NEW health secretary Shona Robison yesterday promised to ensure there would be no repeat of the Vale of Leven C.diff outbreak linked to the loss of 34 lives.
In a statement to Holyrood, Ms Robison said the NHS had failed the victims and their families and apologised on behalf of the Scottish Government.
During an emotional session, Jackie Baillie, the Dumbarton Labour MSP who has worked with the victims’ families, broke down as she paid tribute to their dignity and determination.
An inquiry was set up in 2009 to investigate the treatment of patients at the hospital in West Dunbartonshire. It revealed Clostridium difficile was a factor in the death of 34 out of 143 patients who had tested positive for the infection at the hospital during the period 1 January, 2007, to 31 December, 2008.
Inquiry chairman Lord MacLean said the true figure could be higher still as medical records were not available for all the patients who died during the period.
He found “serious personal and systemic failures”, stating that patients at the hospital had been “badly let down” by people at different levels of NHS Greater Glasgow and Clyde.
Ms Robison said the government accepted all 75 of Lord MacLean’s recommendations.
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She said many of the recommendations have been completed, or are already under way, and an implementation group will be set up to ensure the remainder are put in place.
Ms Robison said a national healthcare-associated infections (HAIs) taskforce was in place to improve and reduce HAIs.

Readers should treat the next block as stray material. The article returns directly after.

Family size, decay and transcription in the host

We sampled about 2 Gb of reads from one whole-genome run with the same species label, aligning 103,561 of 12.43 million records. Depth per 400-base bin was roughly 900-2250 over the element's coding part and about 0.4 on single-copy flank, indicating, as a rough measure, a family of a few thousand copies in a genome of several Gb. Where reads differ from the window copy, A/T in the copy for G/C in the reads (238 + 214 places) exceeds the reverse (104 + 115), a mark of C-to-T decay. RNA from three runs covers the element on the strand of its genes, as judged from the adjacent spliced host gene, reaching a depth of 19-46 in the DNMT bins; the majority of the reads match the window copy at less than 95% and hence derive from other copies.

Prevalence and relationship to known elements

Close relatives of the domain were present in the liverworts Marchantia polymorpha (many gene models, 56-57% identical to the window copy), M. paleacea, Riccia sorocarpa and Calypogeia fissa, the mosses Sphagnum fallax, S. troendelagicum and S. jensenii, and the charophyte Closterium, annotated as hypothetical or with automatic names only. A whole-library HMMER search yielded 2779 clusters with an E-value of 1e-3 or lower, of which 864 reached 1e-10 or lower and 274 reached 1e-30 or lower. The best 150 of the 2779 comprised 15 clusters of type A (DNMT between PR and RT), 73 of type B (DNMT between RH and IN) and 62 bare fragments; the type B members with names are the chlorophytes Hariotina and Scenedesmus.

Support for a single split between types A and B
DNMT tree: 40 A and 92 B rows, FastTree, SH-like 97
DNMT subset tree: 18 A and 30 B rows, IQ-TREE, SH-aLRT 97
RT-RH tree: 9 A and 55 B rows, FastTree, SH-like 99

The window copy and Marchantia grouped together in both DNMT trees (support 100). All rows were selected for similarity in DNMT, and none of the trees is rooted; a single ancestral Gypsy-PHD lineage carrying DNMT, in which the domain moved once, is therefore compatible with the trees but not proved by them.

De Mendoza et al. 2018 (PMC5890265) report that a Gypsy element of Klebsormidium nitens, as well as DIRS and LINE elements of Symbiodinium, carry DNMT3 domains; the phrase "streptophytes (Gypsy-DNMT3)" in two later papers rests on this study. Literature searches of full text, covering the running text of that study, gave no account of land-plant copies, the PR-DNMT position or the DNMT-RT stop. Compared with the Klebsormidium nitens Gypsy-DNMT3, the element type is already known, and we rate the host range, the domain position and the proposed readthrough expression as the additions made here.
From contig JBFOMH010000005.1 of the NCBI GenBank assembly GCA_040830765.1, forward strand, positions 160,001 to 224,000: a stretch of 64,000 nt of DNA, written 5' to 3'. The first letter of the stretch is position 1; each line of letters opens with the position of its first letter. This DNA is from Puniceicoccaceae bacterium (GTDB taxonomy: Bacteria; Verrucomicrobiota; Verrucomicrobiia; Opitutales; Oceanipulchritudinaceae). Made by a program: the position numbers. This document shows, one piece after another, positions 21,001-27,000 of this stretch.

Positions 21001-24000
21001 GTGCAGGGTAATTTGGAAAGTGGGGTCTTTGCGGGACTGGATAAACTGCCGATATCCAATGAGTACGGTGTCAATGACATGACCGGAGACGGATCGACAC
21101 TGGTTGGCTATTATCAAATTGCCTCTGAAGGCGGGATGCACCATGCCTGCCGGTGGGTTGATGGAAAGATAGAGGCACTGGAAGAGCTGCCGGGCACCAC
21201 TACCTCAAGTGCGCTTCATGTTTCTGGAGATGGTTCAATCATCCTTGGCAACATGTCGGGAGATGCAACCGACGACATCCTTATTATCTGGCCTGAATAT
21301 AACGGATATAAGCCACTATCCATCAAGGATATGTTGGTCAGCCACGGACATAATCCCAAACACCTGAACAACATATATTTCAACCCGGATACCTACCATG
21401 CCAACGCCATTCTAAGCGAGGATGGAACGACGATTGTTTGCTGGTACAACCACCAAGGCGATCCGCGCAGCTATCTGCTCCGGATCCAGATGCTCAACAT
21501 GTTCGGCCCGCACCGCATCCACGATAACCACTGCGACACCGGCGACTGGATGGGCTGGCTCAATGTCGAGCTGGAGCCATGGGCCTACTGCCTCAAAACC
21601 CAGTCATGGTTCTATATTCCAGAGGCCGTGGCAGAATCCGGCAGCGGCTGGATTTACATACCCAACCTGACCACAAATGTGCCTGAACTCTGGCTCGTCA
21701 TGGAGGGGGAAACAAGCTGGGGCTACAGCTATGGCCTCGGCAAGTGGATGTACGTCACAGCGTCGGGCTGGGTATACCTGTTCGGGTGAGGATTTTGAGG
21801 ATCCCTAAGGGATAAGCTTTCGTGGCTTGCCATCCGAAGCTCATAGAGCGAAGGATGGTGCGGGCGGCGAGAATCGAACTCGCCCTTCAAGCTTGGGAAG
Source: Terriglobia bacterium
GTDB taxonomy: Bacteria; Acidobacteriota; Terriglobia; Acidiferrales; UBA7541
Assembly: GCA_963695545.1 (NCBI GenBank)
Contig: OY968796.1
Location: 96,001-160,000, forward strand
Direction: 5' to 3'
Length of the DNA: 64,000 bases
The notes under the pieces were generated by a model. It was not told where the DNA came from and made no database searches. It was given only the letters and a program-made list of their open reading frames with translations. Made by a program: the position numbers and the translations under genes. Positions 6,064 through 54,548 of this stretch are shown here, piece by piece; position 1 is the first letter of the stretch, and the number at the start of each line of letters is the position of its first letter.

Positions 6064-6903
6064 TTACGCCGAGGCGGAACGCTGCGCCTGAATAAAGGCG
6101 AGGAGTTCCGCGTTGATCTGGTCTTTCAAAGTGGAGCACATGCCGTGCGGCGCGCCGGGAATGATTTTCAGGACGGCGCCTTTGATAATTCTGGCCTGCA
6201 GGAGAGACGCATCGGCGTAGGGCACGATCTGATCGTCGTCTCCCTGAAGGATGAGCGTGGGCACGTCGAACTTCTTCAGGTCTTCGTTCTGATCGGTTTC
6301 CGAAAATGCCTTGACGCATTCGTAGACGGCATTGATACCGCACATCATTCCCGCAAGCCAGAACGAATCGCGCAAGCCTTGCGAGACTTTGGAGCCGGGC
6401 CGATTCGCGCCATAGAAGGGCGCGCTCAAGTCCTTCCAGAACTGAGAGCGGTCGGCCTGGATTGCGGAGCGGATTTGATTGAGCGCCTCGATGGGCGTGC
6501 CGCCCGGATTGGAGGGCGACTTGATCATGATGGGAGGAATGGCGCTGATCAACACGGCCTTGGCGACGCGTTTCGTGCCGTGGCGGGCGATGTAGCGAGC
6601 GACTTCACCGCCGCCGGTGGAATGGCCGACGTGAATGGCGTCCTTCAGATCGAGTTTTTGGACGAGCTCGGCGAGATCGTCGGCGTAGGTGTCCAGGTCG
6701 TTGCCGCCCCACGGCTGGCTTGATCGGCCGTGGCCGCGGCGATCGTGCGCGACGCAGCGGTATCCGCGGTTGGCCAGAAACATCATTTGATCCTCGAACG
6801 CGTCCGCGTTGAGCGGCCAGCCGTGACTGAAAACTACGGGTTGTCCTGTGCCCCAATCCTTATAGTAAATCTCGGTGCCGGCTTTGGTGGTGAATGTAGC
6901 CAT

In 2009 an inspection process was established to undertake unannounced inspections while a “robust system” enabling health boards to recognise and manage outbreaks as they happen, closing wards if required, has also been established.
Ms Baillie, who was involved in the families’ campaign to have a public inquiry, fought back tears as she praised their “determination” and “dignity”.
Ms Baillie said: “It has been seven years since the first deaths at the Vale, five years for the public inquiry to report and I welcome the robust recommendations.
“The cost of the inquiry is in excess of £10 million but the offer of compensation to the families, the victims of all of this, is about £1m.
“Although the families are solely motivated by the desire
to ensure that this doesn’t happen to anybody else in Scotland, I cannot help but feel that justice has not yet been done.”
She called on Ms Robison to outline what action could be taken to ensure the level of compensation is reviewed.
The cabinet secretary said: “These are very sensitive discussions but I have made very clear to the health board that I would expect them to be as helpful as they possibly can in their discussions with the families as they go forward.”
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